Regular readers of this blog will not be surprised to see me list Kaija Saariaho as one of my four favorite living composers. I've been listening to and reading about her music for nearly ten years now. I've been very gratified to see the major play she's gotten since the turn of the century and especially this summer.

It was disconcerting, then, to read this opening, from the highly respected Martin Bernheimer's review of Ms Saariaho's La Passion de Simone:

Katja [sic] Saariaho must resemble the flavour of the month among composers. Her music - emphatically progressive, generally complex yet hardly forbidding - tries valiantly, often with success, to fuse tradition with adventure. She treads a precarious line between the cerebral and the emotional, and sometimes sustains the delicate balance.

The review is on the negative side--I haven't heard the piece, and that's beside the point--but I found the "flavour of the month" thing passive-aggressive and belittling to the composer's overall achievement and stature. I think Mr. Bernheimer shows a little consciousness of guilt when he includes the weasel words "must resemble" in front of the phrase. The rest of the review was defensible, this bit just seemed a little insecure to me.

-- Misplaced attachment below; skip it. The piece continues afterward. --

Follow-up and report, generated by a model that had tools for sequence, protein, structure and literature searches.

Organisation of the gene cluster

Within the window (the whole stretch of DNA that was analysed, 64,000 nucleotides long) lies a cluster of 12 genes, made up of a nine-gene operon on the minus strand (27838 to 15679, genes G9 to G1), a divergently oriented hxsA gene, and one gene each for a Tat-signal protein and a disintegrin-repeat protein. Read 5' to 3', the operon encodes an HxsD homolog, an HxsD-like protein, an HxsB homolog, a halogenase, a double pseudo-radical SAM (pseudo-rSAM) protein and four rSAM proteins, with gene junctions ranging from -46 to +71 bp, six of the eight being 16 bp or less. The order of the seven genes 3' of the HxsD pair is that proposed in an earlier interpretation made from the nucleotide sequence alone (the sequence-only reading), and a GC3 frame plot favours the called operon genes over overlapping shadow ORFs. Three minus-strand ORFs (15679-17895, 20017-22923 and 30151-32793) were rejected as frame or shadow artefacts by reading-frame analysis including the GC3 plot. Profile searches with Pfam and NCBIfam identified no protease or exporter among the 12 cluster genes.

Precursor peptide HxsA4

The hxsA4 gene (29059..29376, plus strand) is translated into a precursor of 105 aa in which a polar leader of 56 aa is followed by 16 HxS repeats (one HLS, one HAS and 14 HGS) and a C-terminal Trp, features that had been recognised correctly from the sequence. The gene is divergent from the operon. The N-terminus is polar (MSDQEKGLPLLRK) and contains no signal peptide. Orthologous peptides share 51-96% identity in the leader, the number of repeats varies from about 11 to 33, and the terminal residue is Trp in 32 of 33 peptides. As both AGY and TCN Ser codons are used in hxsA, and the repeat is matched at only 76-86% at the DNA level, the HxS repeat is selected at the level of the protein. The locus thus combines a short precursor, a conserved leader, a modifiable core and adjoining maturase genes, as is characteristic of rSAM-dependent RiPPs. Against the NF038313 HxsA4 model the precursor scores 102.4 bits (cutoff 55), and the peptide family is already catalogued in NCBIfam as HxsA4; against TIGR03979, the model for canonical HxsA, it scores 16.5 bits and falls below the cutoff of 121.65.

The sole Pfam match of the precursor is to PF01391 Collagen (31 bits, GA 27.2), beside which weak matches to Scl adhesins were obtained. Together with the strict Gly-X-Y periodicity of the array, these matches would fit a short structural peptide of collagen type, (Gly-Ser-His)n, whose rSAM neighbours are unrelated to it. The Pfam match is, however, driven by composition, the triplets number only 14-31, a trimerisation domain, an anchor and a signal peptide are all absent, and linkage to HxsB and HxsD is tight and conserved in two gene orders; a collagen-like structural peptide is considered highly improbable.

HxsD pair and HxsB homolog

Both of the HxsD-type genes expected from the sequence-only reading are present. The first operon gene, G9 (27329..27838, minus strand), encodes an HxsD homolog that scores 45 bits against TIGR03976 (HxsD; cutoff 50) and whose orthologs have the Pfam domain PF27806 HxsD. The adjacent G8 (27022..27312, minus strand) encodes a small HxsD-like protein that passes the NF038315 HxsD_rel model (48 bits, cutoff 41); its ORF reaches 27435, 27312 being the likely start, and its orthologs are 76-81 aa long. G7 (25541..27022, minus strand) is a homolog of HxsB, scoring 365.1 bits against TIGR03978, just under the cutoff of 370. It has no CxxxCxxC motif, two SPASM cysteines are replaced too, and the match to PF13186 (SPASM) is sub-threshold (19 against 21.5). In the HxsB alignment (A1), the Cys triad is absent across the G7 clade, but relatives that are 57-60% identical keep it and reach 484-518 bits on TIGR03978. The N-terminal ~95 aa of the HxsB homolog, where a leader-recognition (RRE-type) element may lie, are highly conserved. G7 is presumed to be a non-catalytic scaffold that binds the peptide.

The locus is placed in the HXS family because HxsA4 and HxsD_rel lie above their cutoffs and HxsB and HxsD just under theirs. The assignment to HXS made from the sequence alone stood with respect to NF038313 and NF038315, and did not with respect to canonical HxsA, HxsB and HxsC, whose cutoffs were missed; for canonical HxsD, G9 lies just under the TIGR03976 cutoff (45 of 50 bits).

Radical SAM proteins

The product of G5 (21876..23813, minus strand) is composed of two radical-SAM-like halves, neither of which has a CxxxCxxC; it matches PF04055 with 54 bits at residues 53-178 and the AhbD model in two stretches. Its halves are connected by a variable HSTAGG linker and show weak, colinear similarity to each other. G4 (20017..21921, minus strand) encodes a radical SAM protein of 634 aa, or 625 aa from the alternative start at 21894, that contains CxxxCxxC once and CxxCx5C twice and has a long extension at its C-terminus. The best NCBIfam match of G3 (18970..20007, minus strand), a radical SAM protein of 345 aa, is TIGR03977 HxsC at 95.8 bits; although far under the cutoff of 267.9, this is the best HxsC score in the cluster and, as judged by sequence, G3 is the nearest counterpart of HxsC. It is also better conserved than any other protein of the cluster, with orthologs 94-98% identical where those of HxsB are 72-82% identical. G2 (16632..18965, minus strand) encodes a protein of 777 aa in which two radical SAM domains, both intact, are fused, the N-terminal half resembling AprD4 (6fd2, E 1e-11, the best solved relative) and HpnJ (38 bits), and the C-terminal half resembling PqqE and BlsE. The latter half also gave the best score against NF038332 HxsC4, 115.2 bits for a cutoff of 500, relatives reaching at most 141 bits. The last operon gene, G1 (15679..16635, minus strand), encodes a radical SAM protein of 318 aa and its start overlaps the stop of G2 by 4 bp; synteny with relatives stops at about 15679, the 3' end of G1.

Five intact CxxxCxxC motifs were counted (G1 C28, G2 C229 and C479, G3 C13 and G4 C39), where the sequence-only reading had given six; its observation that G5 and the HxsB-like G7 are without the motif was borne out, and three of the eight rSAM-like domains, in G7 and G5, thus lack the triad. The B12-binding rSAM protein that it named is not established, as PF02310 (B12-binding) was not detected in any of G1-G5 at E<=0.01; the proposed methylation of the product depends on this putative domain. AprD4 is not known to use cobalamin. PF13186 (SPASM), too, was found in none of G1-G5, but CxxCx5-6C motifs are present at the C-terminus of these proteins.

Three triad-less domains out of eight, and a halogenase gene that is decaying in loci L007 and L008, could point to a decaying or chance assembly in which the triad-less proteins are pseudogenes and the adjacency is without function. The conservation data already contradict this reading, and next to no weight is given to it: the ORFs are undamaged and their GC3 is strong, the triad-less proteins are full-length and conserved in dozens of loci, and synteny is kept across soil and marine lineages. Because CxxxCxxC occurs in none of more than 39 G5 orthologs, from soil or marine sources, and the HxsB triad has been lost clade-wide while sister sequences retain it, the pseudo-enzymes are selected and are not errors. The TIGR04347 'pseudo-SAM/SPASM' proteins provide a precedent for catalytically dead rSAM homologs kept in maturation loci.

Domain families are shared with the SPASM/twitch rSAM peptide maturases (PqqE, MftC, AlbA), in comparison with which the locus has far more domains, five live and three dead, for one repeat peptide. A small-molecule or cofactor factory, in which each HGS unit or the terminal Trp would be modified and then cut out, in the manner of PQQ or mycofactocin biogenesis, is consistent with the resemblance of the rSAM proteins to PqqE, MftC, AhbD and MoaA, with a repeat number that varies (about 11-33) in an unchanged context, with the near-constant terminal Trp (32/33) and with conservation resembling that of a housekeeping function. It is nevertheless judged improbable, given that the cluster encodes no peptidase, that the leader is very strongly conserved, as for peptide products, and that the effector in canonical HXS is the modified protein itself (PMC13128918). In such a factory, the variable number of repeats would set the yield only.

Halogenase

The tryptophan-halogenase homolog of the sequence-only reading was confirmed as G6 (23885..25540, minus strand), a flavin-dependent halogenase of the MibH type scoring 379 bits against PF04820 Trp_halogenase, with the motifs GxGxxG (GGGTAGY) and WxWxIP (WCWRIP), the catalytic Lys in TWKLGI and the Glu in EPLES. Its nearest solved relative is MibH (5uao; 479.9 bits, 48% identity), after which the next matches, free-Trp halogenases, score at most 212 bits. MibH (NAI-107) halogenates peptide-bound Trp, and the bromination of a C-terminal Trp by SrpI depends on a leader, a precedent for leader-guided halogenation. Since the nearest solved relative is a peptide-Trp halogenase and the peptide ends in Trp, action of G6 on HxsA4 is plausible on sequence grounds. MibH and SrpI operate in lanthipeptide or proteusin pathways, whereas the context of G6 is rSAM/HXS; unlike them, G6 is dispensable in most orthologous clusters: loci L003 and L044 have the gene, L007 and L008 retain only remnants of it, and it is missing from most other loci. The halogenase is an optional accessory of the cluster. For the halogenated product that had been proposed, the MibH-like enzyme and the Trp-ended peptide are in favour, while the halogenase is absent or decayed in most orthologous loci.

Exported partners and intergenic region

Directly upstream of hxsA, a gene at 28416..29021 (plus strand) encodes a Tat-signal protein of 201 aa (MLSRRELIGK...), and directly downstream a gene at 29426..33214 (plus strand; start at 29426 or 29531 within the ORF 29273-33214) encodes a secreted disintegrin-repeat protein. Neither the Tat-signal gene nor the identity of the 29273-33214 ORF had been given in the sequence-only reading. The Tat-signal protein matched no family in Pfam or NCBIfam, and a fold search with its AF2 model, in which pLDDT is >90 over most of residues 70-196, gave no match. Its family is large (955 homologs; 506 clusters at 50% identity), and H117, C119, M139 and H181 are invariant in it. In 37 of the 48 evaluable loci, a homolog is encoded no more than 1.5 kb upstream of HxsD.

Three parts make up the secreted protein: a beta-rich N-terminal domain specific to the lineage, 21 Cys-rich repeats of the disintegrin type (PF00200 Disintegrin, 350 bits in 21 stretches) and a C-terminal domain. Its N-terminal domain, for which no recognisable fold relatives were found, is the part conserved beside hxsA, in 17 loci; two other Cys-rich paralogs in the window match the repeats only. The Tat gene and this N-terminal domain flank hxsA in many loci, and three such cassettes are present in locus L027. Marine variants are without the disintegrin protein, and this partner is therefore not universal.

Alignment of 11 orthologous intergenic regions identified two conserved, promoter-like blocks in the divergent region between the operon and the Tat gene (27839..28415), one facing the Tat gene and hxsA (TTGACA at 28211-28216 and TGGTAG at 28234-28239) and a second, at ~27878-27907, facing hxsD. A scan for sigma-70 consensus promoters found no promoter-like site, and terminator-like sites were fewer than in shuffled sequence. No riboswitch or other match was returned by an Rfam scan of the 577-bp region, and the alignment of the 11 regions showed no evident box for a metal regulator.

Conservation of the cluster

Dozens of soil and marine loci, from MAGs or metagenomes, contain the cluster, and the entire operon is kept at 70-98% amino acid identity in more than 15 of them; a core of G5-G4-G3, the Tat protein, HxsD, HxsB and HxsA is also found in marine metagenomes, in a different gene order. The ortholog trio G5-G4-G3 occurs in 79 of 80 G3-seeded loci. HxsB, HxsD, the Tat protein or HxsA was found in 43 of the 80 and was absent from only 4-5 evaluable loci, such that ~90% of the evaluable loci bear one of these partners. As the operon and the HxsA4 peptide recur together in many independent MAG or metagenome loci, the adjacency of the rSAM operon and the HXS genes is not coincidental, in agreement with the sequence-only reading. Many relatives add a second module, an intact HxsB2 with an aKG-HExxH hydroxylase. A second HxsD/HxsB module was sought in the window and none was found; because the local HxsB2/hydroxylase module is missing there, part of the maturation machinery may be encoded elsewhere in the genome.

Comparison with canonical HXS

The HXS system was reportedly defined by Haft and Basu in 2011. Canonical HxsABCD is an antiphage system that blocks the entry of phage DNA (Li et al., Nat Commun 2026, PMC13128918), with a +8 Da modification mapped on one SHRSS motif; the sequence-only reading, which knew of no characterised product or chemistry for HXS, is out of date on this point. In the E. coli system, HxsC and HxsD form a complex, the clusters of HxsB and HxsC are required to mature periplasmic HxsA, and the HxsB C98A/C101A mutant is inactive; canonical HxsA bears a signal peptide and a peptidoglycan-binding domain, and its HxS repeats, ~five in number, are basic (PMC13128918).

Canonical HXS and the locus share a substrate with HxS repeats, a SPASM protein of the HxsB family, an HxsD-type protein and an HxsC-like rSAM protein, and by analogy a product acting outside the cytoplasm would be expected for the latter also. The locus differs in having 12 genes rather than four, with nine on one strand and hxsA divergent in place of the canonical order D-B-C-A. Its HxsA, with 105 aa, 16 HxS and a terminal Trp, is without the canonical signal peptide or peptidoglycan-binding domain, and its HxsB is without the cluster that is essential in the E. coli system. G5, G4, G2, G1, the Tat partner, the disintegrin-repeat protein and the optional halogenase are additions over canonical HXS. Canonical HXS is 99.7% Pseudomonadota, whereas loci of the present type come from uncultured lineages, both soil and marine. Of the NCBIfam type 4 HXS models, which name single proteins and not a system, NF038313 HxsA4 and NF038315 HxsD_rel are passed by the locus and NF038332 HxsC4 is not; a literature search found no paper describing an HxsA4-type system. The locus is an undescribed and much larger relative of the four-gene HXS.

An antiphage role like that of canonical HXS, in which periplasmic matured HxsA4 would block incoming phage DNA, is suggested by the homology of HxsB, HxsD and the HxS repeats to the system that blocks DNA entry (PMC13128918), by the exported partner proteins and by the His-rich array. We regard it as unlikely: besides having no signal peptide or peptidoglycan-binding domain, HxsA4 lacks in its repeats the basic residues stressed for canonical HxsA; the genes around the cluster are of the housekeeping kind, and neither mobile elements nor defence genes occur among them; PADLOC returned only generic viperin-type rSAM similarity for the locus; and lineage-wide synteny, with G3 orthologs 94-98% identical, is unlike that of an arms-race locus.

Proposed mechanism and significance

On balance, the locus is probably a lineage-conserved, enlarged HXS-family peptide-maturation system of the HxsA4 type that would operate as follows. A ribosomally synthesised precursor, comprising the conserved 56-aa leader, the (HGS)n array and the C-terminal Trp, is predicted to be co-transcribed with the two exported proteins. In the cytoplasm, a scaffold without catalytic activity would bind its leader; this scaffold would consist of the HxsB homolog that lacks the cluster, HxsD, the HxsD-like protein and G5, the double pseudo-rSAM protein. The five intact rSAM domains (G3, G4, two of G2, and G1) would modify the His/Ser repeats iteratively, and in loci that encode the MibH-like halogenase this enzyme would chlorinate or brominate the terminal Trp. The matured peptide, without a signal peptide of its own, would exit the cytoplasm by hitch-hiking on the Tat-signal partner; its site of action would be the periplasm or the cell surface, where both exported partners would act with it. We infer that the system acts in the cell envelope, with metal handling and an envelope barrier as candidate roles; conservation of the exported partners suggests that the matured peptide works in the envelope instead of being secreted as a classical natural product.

(h/t to Lisa Hirsch for pointing me to Mr. Bernheimer's piece)

Workshop (X)

I noticed recently that it's been a pretty good while since I wrote a blog post. I've been composing a lot lately (in addition to taking a couple of trips) and I realized that composing seriously interferes with my word-writing because of the time it takes (of course) but even more because the mental space composing takes up pushes other music out of my ears/head. (That's the main reason I've gotten behind on CD reviews. Sorry, Jerry.)

I'm beginning to see a light at the end of the tunnel of my percussion concerto, and I'm reasonably sure that light isn't an oncoming train. As of now I'm looking at a spring 2009 premiere. I'll have more details, including titles, specific instrumentation, and the premiere date later.

I wrote a short piece for solo trombone called American Song during a trip to visit family. It's four minutes long and has lyrical and "technical" sections. I'm having some difficulty with converting it from Finale 2009 to pdf, but a score will be available when that is resolved.

Finally, I want to thank Karl Henning (clarinet) and Peter Cama-Lekx (viola) for their perceptive and expressive performance of The Rings of Saturn (2006), the recording of which I received this past weekend. They are artists and gentlemen, and I deeply appreciate their efforts.